Winter has indeed come Mr.Starck, and I for one am only lightly amused. Winter is not my bag, sorry, but atleast it comes with the comforting flavors and aromas of cold-weather dishes. The hearth is alive with the likes of hearty soups, braised meats, roasted roots, and rich decadents to warm the soul as the winds whip. Fortunately for anyone living in or around Raleigh, the Farmer’s Market is overflowing with the seasons best:


Tough greens like cabbage, swiss chard, kale, and mustard greens.


Nuts on nuts! Pecans, chestnuts, walnuts, peanuts and hazelnuts ready to store in your gullet like a fat DC squirrel.


Brussel Sprouts, not a personal favorite but edible at least when roasted or fried.


UFO-sized heads of Broccoli. Don’t act like you’re not impressed.


Salad greens from across the globe like Mizuna, Tatsoi, Arugula, Chicory, and Endive.


Taters, precious. Sweet Potatoes reign supreme around NC, but there are a few fingerling and purple stands along the market.

And of course, one does not sample Carolina in the winter without a sturdy supply of hand-picked apples. Every variety, every color, every shape, all waiting to be plucked and noshed down to the core.

I began this year looking back, recollecting the sounds, smells, and shared meals with friends and family but it’s impossible to capture it all. No matter how many recipes I collect, photos I take, or articles I publish nothing can replace the time spent at the table or over the stove. So I implore you, if you still lack a new years resolution, choose to build memories in and around the kitchen with friends and family, old and new. Time is relentless and cruel but the good memories make up for all the bad, especially when there’s food and drink involved. 2013 or bust!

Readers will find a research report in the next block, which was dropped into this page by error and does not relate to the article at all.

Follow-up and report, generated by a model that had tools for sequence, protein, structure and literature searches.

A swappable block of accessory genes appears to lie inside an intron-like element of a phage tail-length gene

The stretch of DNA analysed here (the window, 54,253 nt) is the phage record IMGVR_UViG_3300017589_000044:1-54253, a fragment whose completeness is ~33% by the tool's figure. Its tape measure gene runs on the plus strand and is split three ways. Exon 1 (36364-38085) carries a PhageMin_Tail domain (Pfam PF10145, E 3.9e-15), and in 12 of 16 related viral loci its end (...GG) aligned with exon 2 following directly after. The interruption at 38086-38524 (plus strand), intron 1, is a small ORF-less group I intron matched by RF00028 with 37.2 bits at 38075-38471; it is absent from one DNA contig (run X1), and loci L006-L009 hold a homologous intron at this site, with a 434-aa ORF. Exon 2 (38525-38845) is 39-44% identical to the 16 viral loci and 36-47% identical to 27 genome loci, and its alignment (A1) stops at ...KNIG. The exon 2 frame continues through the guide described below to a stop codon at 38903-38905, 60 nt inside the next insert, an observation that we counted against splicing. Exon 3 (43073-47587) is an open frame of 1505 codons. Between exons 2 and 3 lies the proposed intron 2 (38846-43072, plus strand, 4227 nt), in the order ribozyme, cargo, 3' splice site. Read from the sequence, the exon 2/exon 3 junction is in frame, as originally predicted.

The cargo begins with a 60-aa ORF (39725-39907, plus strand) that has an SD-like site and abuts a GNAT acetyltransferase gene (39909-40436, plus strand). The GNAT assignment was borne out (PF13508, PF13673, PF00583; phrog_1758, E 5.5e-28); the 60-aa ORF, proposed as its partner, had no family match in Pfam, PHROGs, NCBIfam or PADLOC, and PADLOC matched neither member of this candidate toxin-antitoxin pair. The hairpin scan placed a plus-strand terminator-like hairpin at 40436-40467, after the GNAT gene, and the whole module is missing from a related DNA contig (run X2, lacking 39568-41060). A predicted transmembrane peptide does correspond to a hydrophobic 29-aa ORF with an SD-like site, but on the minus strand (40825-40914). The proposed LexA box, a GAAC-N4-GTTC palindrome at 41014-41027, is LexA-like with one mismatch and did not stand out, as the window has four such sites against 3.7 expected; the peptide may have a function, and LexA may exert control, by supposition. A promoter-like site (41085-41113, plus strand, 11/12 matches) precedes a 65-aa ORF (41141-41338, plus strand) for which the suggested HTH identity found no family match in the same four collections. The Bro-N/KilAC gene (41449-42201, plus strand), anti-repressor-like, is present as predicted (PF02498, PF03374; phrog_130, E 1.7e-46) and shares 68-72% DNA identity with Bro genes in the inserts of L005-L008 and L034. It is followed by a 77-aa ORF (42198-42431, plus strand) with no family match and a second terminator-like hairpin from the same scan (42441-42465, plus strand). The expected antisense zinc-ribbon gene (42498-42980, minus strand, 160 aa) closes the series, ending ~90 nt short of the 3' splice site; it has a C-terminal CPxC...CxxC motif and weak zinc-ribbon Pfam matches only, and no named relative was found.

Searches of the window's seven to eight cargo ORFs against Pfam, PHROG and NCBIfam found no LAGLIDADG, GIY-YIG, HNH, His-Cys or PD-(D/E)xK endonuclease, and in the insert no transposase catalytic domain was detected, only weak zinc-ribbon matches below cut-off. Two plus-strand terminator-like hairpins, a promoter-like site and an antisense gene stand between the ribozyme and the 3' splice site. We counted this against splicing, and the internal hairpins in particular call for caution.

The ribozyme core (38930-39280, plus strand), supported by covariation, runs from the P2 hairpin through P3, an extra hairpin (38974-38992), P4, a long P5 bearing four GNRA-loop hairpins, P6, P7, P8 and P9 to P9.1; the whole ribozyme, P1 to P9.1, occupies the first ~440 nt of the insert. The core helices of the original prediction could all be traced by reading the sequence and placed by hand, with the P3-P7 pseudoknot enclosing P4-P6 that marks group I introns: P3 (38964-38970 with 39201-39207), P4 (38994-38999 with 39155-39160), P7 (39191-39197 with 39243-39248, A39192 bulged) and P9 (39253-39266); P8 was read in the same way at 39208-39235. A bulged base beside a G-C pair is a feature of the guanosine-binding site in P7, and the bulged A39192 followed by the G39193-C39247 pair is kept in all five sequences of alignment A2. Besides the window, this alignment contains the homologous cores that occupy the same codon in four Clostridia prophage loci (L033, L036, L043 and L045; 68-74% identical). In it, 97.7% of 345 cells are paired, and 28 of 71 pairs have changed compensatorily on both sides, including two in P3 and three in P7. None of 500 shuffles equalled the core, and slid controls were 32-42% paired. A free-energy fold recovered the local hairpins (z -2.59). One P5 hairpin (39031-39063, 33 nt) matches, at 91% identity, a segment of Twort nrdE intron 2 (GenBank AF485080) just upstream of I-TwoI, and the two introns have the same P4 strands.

@TheFarmersMarket – October 2012

It has not been a cold year. Spring came in February, Summer in March, and Fall has yet to really arrive. The leaves are changing and the mornings are crisp, but 80F in late October is hardly a season change.

Regardless of mother nature’s decision making skills, I for one am stoked over the sustained summer conditions. First off, the ocean has yet to drop below 70F, but the apparent global warming has also allowed our farmers to harvest quality produce well past the typical growing season. Just look at the bounty Megs and I found last weekend, Al Gore would be simultaneously proud and distraught:

It’s pretty nuts to find ripe eggplant, zucchini, peppers and peaches mixed amongst fall’s first apples, squash, broad beans and potatoes. Awesome, but nuts. In any case you should make your way to the nearest farmers market to scavenge what’s left of summer’s harvest. After all, once this global warming thing goes full circle it will be dried potatoes and frozen kale for all. Vegans rejoice! The rest of us, bollocks.

@TheFarmersMarket – June 2012